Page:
Myriad slaps Quest with BRCA cancer test patent suit

Quest Diagnostics ($DGX) was probably right to preemptively sue to determine that its new BRCA-related cancer diagnostic test doesn't violate patents held by rival Myriad Genetics ($MYGN). Now, the Utah company has filed its long-expected suit against Quest, alleging patent infringement.

In a statement emailed to FierceMedicalDevices, Myriad spokesman Ronald Rogers confirmed that Myriad and its fellow patent holders are suing Quest in the U.S. District Court in Utah. He said that Myriad and the other plaintiffs believe that Quest is in the wrong and "will demonstrate that the testing process used by Quest infringes those claims."

Including Quest, Myriad is now suing four companies alleging patent violations over its market-leading BRACAnalysis test, which relies on BRCA1 and BRCA2 genes to measure the risk for hereditary breast and ovarian cancer. In addition to Quest, Bioreference Laboratories, Gene By Gene and Ambry Genetics are facing similar complaints. The latter two companies have already countersued Myriad, alleging violation of federal antitrust laws.

Wendy Bost, Quest's director of media relations, said in a statement that Myriad's latest lawsuit was not surprising.

"The action taken by Myriad was expected and is merely the latest in a pattern of behavior toward any test provider that introduces a new option in BRCA testing that can benefit patients," she said. "Quest Diagnostics is pleased to have introduced BRCAvantage, a new, innovative choice to help at-risk women and men achieve broader access to BRCA testing. We are confident that our offering does not violate any valid Myriad claims. We will vigorously defend, and continue to provide, BRCAvantage to the many patients who seek options in BRCA testing."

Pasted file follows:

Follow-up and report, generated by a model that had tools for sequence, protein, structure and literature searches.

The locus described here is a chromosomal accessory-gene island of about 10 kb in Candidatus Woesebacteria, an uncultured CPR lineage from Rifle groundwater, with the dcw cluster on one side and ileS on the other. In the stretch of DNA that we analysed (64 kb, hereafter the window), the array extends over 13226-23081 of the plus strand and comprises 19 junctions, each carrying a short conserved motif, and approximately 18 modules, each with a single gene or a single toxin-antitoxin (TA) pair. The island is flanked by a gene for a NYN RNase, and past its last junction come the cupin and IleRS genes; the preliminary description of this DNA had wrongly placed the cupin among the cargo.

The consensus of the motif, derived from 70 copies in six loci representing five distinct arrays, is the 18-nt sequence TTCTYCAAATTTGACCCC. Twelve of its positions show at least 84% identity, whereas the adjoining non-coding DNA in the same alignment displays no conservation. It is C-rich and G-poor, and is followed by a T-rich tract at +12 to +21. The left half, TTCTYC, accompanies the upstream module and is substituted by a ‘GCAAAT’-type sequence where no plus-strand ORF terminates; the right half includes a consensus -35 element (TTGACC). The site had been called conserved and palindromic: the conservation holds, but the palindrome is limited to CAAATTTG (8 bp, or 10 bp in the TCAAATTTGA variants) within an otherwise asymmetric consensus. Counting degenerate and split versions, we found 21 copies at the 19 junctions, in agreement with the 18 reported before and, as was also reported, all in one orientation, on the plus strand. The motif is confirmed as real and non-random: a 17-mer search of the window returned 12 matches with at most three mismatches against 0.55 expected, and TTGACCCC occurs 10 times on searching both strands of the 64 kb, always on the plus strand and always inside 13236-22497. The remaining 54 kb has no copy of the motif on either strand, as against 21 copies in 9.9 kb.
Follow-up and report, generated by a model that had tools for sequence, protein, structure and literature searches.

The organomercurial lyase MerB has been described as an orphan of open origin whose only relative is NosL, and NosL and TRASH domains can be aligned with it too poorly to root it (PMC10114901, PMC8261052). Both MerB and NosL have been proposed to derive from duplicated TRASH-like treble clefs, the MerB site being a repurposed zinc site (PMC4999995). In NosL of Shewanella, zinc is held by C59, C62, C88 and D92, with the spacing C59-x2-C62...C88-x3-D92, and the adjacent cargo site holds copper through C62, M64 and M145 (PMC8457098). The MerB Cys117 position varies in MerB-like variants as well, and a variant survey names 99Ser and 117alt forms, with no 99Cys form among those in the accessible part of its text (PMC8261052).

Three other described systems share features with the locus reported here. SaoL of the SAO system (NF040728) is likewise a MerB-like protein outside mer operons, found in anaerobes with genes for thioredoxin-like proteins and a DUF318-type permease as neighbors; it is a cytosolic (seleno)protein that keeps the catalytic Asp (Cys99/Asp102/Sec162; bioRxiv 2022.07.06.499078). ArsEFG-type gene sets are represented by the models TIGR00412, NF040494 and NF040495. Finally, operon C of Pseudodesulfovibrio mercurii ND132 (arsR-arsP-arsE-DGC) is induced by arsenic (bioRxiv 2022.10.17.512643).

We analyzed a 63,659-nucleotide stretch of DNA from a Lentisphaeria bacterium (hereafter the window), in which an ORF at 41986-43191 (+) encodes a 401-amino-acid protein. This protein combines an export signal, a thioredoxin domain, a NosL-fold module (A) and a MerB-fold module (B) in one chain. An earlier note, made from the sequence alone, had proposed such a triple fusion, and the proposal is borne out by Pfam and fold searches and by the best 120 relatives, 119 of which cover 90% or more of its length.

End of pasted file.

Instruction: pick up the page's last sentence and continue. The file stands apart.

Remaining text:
Blame the U.S. Supreme Court for opening the door to all the Myriad-related lawsuits and countersuits. Earlier this year, the court invalidated some Myriad patents but upheld others, opening the door to competition in the BRCA test category. All of the companies Myriad is now suing released their own BRCA tests in the wake of the Supreme Court decision.

Genome Web reported that Myriad is suing New Jersey-based Quest over 8 patents relating to BRCA1 and BRCA2 genes, and wants a preliminary injunction preventing Quest from selling BRCAvantage. In addition, Myriad is seeking a jury trial, damages and an order that requires Quest to hand over its rival test.

- read the Genome Web story (sub. req.)